While the show entertains, blending action with intelligence and a bit of a camp, it does all of this while following a format that I find ideal for television. It utilizes an episodic structure to its storytelling, in which most episodes stand on their own -a story arc beginning and concluding in its forty-some odd minutes of television, or ninety some minutes if it is a two-part episode – yet crafts an ongoing serialized arc for each season. This is tricky line that the show must walk.
The balance between too much serialization and too little serialization is a common problem within the television medium. If your show is over serialized and enters a “bad” story arc, then you run extreme risk of losing much of your fanbase. I would speculate that “Heroes” suffered from this dilemma, as did “Lost.” This is not to attack those shows – I loved each to varying degrees – but the audience dropoff on those series is virtually irrefutable. On the other end of the spectrum, if your series is too episodic, then it can lack the ongoing character drama and progression that pulls many viewers into the show on a weekly basis. This is a common dilemma for a procedural show (medical drama, legal drama, cop drama, etc.). On the one hand, being non-serialized, they pick up new viewers easily, as their viewing experience is not weighed down by years of backstory. On the other hand, those viewers can easily switch the channel if character investment is not high.
For “Doctor Who” a seemingly perfect balance has been struck. A weekly arc anyone can follow, and an ongoing season arc that draws viewers back every week. “Buffy the Vampire Slayer” was another fine example of this style of TV storytelling, with its new Big Bad every season, interspersed with the monster/dilemma of the week episodes, and each episode itself often containing some easter egg hint at greater ongoing progression. For “Doctor Who,” however, the connection takes a slightly different twist. While there are ongoing character relationships, and continued characters and story progression throughout the season, within its individual episodes there are also tiny fragments often overlooked that come back to SLAM you upside the head with each finale! Events that end up tying each and every episode into a penultimate climax that you have to see to understand. I don’t know if this is something uniquely British, or uniquely “Doctor Who,” but it is definitely a feature that keeps me coming back to the show on a weekly basis.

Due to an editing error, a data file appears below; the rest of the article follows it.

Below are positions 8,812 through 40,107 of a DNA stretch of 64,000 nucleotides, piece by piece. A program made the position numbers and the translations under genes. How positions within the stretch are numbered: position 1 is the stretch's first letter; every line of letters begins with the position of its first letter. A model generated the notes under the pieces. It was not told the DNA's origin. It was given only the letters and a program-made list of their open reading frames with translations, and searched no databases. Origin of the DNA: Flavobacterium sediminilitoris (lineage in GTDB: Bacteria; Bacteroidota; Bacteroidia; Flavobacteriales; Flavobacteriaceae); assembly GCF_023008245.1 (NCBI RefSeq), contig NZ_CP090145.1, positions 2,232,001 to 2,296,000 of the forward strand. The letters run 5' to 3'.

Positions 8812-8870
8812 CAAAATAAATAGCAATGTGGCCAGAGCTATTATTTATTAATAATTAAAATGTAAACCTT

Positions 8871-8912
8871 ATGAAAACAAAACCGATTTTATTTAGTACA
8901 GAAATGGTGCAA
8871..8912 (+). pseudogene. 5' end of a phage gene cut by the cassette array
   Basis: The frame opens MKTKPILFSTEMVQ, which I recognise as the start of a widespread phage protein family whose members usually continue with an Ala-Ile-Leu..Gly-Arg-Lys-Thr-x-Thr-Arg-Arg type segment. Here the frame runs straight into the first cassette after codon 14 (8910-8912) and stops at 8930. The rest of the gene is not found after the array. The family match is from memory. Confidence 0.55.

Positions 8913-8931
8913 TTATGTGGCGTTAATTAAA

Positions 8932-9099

My point: Go queue up your netflix, tune into your cable or satellite provider’s BBC station, and prepare for a show that is sometimes campy, sometimes sinister, but always entertaining and surprisingly intelligent! And no matter what you do, don’t expect to only watch one episode.
Well, unless you don’t like sci-fi or adventure shows. Then, I guess, do as you will. At least, however, give it a chance. Here are a few episodes I especially recommend watching before making a final decision:
- “Dalek” – Series 1, Episode 6 written by Robert Shearman
- “Father’s Day” – Series 1, Episode 8 written by Paul Cornell
- “The Empty Child” & “The Doctor Dances” – Series 1, Episodes 9 & 10 written by Steven Moffat
- “The Girl in the Fireplace” – Series 2, Episode 4 written by Steven Moffat
- “The Impossible Planet” and “The Satan Pit” – Series 2, Episodes 8 & 9 written by Matt Jones
- “Human Nature” & “The Family of Blood” – Series 3, Episodes 8 &9 written by Paul Cornell
- “Blink” – Series 3, Episode 10 written by Steven Moffat
- “Silence in the Library” & “Forest of the Dead” – Series 4, Episodes 8 & 9 written by Steven Moffat
- “Midnight” – Series 4, Episode 10 written by Russell T. Davies
- “Amy’s Choice” – Series 5, Episode 7 written by Simon Nye